Observing the man in the green heavy-duty canvas uniform, I noted his left leg was straight, his right leg bent, and he had a chain connected to his keys hanging around his waist by his right thigh. His brown skin was visible under his uniform, complemented by brown boots that reached just above his ankles. Out loud, I wondered if he needed a push to help him get on top of the elevator, puzzled why no one else had offered to help. It hadn't dawned on me yet that this was the workman. My colleague was mortified by my comment as she already knew what we were looking at. In my defense, there was more eerie silence than conversation, and when someone did speak, it was in Arabic. I speak English and only minimal Arabic. As embarrassed as I was to have made a mindless comment, I had at least broken the uncomfortable silence. My heart sank as my brain caught up with the reality of the situation in front of me. This was the missing body; it wasn't actually missing, and this man was not trying to save anyone. He was the man—the man in front of me appeared alive, as if he were helping someone, but from what I had seen from above, I knew this was a deceased person. My heart sank deeper, and I could feel a tear forming. My mind flashed back to all the brown men lying helpless in hospital beds. Most of them were unable to move due to their injuries and had tracheostomies, waiting for a nurse to attend to their needs—cleaning them, toileting them, and tending to their tracheostomies. They stared at me as I cared for them, their fear and sadness palpable. All I could do was hold their hand for a moment, allowing them to release some emotion as tears streamed down their cheeks.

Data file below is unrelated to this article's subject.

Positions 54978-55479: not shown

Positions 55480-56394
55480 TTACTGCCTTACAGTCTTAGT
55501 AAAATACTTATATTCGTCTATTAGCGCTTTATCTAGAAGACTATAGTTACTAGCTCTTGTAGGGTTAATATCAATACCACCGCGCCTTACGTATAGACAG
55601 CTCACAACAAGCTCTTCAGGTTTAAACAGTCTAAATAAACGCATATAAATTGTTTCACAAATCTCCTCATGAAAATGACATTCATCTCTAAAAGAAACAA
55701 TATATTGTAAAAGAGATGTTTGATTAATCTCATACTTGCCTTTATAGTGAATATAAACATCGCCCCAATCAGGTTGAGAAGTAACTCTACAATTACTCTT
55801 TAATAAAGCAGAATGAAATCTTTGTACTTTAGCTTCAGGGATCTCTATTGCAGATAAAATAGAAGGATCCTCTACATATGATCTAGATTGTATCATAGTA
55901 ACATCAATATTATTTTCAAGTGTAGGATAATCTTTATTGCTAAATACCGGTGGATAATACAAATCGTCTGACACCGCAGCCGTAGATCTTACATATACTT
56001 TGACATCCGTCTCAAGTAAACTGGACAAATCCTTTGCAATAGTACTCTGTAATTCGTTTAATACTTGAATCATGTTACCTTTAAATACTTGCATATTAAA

Reflecting on this scene from the hospital, I asked the seasoned paramedics how often they encountered such devastating scenes. It was my first experience as a student paramedic. To my surprise, they replied that it was a first for them as well. I couldn't help but think, "Go figure. Story of my life." "Yallah. Khalas. The black ambulance is coming," is all I hear as we leave the scene because our role is no longer needed. My brain tries to process everything. We leave the scene physically, but it remains etched in my memory forever.